In war and crisis situations, humanitarian admission programmes enable short-term and relatively rapid admission of larger groups of refugees. Thus, humanitarian admission contributes to the protection and maintenance of the rights of vulnerable refugees. Furthermore, the admission relieves the burden on the frequently overstrained first host countries and is, therefore, a mechanism for sharing international responsibility for the protection of refugees.
How does a humanitarian admission programme work?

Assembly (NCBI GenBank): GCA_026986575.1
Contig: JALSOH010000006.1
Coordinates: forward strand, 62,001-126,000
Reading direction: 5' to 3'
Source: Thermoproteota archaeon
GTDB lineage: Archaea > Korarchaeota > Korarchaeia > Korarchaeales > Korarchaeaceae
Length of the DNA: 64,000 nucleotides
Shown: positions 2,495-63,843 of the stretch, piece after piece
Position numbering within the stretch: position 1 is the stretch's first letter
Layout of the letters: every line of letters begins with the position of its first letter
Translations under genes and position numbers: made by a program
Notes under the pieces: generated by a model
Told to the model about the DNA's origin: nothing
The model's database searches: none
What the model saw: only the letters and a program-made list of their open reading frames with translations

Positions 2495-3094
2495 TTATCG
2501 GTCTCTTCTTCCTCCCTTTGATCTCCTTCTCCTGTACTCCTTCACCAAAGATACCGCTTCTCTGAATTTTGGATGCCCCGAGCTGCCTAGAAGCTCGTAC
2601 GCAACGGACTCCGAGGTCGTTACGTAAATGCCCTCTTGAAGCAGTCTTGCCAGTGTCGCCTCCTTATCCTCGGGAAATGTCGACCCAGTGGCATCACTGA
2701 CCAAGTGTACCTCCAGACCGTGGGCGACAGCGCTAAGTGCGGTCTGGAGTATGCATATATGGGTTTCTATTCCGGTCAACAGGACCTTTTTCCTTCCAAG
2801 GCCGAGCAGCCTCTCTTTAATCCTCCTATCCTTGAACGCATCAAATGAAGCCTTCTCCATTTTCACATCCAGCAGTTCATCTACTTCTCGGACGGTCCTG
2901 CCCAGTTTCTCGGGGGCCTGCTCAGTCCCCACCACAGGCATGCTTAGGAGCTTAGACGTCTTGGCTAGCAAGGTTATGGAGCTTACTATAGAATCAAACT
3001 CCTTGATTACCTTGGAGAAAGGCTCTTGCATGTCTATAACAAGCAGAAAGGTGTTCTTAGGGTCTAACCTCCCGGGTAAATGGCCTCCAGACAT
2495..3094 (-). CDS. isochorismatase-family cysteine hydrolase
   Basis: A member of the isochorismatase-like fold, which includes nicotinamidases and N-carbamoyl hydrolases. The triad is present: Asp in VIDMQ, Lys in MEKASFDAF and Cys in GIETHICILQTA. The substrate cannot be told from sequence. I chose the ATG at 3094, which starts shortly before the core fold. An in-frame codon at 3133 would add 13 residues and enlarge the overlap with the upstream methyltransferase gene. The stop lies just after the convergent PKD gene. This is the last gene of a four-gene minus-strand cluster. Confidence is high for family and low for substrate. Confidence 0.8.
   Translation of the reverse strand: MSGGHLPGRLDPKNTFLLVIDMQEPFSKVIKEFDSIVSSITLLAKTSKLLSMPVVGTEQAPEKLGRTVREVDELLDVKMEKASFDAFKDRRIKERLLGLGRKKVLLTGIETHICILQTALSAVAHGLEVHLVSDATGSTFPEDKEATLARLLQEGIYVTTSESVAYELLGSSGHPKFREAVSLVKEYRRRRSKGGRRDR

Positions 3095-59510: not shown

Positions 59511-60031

There is no generally applicable process for humanitarian admission programmes. Until 2015, the federal government had three humanitarian admission programmes for Syrians and the federal states had various other admission programmes. The three humanitarian admission programmes of the federal government were based on three admission decrees of the Federal Ministry of the Interior. These outlined the number of individuals to be admitted as well as the selection criteria and method. During the first federal government humanitarian admission programme, UNHCR was involved in pre-selecting the people. During the second and third federal government humanitarian admission programmes, Syrians living in Germany could also apply for their relatives to be admitted. The selection of the individuals in the government programmes are not only based on humanitarian criteria, but also family links to Germany and the ability of family members to provide for the people arriving (so-called “declaration of commitment” or “Verpflichtungserklärung” in German). Also, the federal states’ additional humanitarian admission programmes require the ability to proof financial ability to provide for accommodation and living costs for the family members as well as proof of existing family links to Germany.